I started Café Môr in 2010 as a mobile catering business celebrating the wonderful produce from the Pembrokeshire coastline: seafood, seaweed and wild seashore plants. In 2012, Café Môr became part of my new venture, The Pembrokeshire Beach Food Company, which began developing a range of sea foraged food products, from Welshman’s Caviar (dried laver flakes) to seaweed Pesto. In more recent years I founded a spiced rum brand, Barti Rum, which again uses a seaweed infusion to enhance and smooth the flavour of the spirit.
One morning, I was at the beach collecting seaweed to use in my menu and rum, when I had a conversation with a local lobster fisherman, Danny from DASH Shellfish. He said he had seaweed growing on his equipment and had to employ someone to regularly cut it off. It suddenly became apparent that this fisherman’s unwanted seaweed was not only thriving, but regularly self-seeding on submerged ropes and fishing kit. I began to wonder if the abundant seaweed could be used to some benefit.
I told Danny about my ideas and together we left some ‘ghost’ (pretend) lobster pots out for six months to see what would happen. They amassed around 10 kilograms of different seaweed species on each rig, a couple of kilos of mussels and some spider crabs feeding off the mussels. I was amazed – I thought it was like very easy, lazy gardening!
After a lot of research and speaking to experts on “blue carbon”, I became fixated with the idea that the simple method of providing extra surface area for growth to occur below the surface of the sea, meant it would automatically happen. The more surface area I can provide, in the form of ropes, the more seaweed will grow, and the more carbon will be absorbed. This project, if proven to be as simple and effective as it appears, could be rolled out in endless waters around the world. The magnitude of positive environmental impact this could have is almost indescribable.
If the project is successful and when we are able to scientifically measure the exact impact each measure of seaweed has on the carbon crisis, Barti Rum will be the first business to become carbon neutral (or hopefully negative) using this method. It will happen based on the idea that each bottle sale will fund the opportunity for more seaweed to grow in the sea, and absorb an equal amount of carbon, to that which produced and transported the bottle into existence initially.
The benefit of this method of becoming “carbon neutral” over the existing method of planting trees to offset carbon is speed and space. From my earliest amateur experiment, it was pretty clear that seaweed grows quicker than trees, and if the early evidence is to be believed, it is better at cancelling carbon than its land counterparts. There is a huge amount of scope for other businesses to use this initiative for a brighter future.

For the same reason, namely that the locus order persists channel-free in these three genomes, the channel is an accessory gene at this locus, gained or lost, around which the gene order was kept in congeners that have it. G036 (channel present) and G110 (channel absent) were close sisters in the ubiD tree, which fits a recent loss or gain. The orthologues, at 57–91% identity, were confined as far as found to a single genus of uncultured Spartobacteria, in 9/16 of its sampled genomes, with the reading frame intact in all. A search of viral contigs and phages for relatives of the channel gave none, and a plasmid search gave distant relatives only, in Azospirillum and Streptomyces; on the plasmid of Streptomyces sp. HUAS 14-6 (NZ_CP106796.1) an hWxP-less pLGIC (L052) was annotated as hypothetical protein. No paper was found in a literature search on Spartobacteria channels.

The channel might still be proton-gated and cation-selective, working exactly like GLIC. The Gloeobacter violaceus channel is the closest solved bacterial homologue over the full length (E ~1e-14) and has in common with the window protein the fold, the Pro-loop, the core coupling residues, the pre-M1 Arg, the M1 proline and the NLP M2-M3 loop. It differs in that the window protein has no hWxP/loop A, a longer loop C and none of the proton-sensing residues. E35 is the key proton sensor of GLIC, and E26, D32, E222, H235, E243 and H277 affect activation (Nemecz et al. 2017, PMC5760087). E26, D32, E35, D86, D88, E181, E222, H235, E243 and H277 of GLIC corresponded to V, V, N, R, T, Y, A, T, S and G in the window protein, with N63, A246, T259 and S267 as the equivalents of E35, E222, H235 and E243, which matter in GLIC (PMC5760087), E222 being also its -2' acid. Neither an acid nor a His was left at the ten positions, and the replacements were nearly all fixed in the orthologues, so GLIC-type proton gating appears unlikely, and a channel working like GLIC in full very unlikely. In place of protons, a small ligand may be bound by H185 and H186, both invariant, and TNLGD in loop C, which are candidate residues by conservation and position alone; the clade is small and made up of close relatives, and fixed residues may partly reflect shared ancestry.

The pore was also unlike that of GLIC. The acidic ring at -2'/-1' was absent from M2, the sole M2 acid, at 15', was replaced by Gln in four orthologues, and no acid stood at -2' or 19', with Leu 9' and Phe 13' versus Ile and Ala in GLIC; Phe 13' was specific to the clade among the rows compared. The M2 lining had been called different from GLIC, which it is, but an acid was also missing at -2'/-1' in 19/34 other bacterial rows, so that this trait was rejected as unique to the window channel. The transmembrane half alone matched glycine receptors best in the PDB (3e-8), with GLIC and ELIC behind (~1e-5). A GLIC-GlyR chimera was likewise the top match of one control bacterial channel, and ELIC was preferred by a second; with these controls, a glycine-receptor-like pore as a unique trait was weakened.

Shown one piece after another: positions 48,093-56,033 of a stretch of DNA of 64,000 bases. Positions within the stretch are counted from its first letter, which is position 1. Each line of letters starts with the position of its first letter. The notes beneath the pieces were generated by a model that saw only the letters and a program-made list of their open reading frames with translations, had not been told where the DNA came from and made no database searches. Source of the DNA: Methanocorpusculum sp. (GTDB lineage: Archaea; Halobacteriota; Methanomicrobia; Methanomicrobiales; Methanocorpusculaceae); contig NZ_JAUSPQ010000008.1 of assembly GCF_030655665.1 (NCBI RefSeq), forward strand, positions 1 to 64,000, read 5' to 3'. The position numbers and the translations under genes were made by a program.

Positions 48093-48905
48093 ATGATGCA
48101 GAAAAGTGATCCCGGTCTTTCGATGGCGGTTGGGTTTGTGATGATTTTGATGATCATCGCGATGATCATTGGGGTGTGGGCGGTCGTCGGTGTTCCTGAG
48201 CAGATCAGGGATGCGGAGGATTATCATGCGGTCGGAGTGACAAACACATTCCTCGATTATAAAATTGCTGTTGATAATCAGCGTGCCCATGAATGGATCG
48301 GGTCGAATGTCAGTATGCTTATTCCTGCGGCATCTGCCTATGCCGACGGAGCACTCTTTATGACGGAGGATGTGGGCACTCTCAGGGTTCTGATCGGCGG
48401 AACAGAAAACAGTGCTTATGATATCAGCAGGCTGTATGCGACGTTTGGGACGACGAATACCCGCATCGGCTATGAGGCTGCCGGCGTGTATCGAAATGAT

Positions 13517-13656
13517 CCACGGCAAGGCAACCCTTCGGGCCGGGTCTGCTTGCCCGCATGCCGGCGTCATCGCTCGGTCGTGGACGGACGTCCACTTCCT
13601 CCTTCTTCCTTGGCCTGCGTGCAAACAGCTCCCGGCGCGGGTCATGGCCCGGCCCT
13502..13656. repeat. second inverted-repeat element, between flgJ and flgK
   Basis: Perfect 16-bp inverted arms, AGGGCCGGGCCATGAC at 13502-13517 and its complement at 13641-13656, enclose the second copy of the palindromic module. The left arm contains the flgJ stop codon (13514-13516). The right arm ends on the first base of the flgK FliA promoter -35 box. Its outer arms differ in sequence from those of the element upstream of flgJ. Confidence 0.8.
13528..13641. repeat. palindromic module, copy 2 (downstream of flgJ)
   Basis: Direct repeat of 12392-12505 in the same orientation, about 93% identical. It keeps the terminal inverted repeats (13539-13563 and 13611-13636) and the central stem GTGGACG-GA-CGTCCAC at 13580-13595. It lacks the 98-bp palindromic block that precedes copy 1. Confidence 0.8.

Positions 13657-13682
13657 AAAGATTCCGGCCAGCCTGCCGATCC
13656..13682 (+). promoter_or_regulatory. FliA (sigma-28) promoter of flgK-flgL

Don’t be shy – if you’ve got ideas, get them out there. There’s no easier time to carry out research online, and you can get support from the Welsh Government to point you in the right direction. For example, the Accelerated Growth Programme, which is part of the Welsh Government's Business Wales Entrepreneur and SME support services, allowed us access to consultants and business mentors.
We’ve also consulted Pembrokeshire County Council, Natural Resources Wales, Pembrokeshire Coast National Park Authority, the National Trust, Milford Haven Port Authority, Wildlife Trust, DASH Shellfish, and Blue Marine Foundation.
I knew there would be a certain number of challenges from authorities around leaving ropes in the sea, which is to be expected as it’s right that we deliberate what goes into the water, carefully consider anything which has the potential to harm wildlife, and test an initiative for any such harmful effects. These challenges were offset by working with all the different agencies - it’s amazing how much help is out there.
We’re currently part-funding a PhD at Swansea University so we can better understand how and where the laver grows, and we’ve been given a fantastic opportunity to work with some green engineers on researching wave technology and offshore wind farms. We’re very fortunate in Pembrokeshire that we’ve got some of the best green biologists in the world carrying out offshore surveys. We have their expertise and that of offshore wind turbine engineers and academics - and when you bring all those forces together, and include businesses and research, you know you can pull something out of the bag that’s going to be sustainable and, ultimately, have a really positive impact on the environment.